Before I bought my sewing machine, when it was just a whim that I might make my own clothes, I checked out this book to see what kinds of thing I might need to learn. It convinced me that it was a sound idea and so I bought my sewing machine and haven’t yet regretted it (unlike the knitting machine, much regret there). It was so useful that I ended up with library fines for not returning it on time and had to buy my own copy.
So with this book, having read the sewing machine manual and bought some charity shop sheets, cotton saris and curtains to practice on, and some sewing patterns from eBay, I got on with making stuff. I had some disasters, but that I made anything at all is down to this book, as I’m completely self taught. (More after the jump, this is a long post!)
A sewing disaster example: This is sewing a bit I didn’t intend to when making a bodice section of a pinafore. One thing you need aside from a book, is a bit of practice, and these days this kind of mess doesn’t happen as I’m more careful in my pining and only getting the layers I want under the actual needle.
Disaster aside, this book is a great aid when you are following a sewing pattern, as you can quickly look up the words you don’t understand (like selvedge, top stitch, gather, nap etc). I used it this week to revise a technique for hand sewing a hem. Everything is laid out in an easy to read way and as a beginner I never stumble over passages, having to reread them, like I have with some sewing pattern instructions. There are full colour photos and diagrams all over it.
Incidentally I did fix and finish the dress and even wore it once, but then it went back into the fabric pile and has recently been reused as pocket lining. It was a very easy Simplicity pattern and wasn’t very faltering (and why didn’t I tidy my room before taking this picture?).
Back to the point – I would really recommend this book for beginners, as it will give you the confidence to give it a try and it’s easy to find what you need to read when you are stuck. I wouldn’t read it cover to cover, but the first half is a great grounding, covering everything:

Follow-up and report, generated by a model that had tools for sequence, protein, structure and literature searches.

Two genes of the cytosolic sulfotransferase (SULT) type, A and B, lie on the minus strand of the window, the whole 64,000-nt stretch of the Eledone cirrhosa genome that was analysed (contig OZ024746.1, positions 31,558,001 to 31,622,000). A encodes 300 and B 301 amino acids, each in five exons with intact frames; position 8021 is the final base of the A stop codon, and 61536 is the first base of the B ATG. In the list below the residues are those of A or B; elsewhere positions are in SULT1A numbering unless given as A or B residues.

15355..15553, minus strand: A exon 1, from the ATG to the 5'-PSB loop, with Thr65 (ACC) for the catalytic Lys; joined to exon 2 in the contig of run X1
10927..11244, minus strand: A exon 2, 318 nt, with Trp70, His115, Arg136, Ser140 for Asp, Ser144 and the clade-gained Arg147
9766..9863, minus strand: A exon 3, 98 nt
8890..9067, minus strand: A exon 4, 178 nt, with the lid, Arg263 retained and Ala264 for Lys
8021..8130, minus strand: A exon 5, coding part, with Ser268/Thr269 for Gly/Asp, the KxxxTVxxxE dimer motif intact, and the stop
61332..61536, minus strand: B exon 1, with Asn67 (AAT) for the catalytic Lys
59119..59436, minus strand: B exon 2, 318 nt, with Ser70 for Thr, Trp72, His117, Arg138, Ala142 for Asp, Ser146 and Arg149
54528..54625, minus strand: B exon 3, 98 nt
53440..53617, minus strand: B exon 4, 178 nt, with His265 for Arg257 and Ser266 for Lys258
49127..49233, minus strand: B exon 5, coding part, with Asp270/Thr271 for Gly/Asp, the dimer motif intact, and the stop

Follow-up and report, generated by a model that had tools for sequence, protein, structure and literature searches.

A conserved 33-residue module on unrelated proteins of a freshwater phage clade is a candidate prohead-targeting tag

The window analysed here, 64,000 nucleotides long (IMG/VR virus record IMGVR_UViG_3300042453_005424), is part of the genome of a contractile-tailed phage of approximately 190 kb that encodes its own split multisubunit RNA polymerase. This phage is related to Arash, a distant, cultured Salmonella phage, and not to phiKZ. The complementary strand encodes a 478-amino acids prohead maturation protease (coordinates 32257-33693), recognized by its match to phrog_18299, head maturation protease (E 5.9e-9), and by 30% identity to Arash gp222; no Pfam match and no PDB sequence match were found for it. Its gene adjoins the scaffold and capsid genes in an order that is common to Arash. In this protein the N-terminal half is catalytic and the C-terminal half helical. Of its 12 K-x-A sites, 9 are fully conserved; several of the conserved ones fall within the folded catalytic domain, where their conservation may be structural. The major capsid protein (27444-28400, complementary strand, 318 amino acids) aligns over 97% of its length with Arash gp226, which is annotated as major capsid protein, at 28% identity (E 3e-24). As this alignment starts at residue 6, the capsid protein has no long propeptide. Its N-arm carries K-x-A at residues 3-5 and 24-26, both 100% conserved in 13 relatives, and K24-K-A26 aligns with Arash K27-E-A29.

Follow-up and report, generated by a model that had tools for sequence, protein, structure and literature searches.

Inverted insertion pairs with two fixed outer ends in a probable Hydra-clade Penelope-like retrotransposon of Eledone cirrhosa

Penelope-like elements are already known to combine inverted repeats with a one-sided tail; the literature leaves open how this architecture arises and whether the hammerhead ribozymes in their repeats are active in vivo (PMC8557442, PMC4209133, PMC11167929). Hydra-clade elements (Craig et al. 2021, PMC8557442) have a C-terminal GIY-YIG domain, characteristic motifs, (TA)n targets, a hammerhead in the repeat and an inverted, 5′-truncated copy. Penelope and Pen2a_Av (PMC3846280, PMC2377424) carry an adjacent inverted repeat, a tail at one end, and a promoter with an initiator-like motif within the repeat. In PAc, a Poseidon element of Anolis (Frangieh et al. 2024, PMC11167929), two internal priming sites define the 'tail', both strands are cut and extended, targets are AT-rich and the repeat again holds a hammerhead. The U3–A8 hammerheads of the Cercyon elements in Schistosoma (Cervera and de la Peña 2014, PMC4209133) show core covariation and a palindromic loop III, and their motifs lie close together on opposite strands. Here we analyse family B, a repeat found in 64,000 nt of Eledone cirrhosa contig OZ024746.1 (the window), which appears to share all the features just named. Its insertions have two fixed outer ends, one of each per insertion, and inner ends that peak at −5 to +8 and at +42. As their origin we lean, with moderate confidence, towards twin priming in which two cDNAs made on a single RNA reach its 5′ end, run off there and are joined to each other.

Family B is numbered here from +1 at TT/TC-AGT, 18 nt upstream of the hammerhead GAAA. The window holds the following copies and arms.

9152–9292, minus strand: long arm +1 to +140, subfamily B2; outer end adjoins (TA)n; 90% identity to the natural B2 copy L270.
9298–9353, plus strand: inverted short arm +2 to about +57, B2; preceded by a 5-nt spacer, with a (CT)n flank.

which sewing machine feet are which, common sewing terms explained, choosing the right fabric, how to use a sewing pattern, what tools and materials you will need, all about seams, hems, stabilizers, interfacing, hand stitching, gathers, pockets, waistbands, zips, which needle to use on what fabric etc.
I think the only negative point is that it does look a little bit dated, but this is more in the fabrics shown in the photos. There is a section on soft furnishings like curtains, and another on special sewing techniques like quilting and free hand embroidery that you might never use, but is not the majority of the book. I have never used some bits – is fringing and beading really necessary in the essential hand stitches section? How about the usefulness of smocking? But it is an encyclopedia, so it needs everything. Besides, fringed smocked dresses might come into fashion and I’ll be the one who can make them, with couture lace panels, couching, self covered buttons and bound button holes!
[This franken-dress idea makes me think that maybe there should be a “use all the techniques at once” challenge? Maybe not with the intention of making something in a wearable style.]
There are useful bits on adding bias binding and using knit fabrics tucked away in sections I wouldn’t have put them in, but I found them through the index, so no harm done.
In case I forgot anythings, here is what it says on Amazon.co.uk :
The complete step-by-step guide to hand and machine sewing, combining basic know-how for the beginner with advanced techniques for the more experienced…... All the techniques are clearly illustrated with photographs, diagrams, and easy to follow step-by-step instructions. – The complete step-by-step guide to hand and machine sewing – The book combines basic know-how for the beginner with advance techniques for the more experienced sewer – Beautifully illustrated with full colour photography
I know a lot of sewers who are learning from blogs and Youtube, but I’d suggest having a book instead. Reading blogs only gives you what that writer has thought of to share, it won’t be everything you need to know and even an expert will forget things, if they don’t have an editor and a team making sure their blog is encyclopedic. You can only google or youtube for the things you are aware that you don’t know. This book has the unknown unknowns (and I can’t remember which American politicians came up with that phrase, but he may have been an idiot savant).
After reading, when following the given directions in a pattern for the first time, for example with pleats or darts, you can understand better because you understand the end goal, which make interpreting the diagrams and cryptic instructions a lot easier.
With this book you’ll have a lot of information presented in a logical order and in an understandable way, which is the best you could wish for. (And no, the publisher hasn’t paid or in anyway sponsored this post.)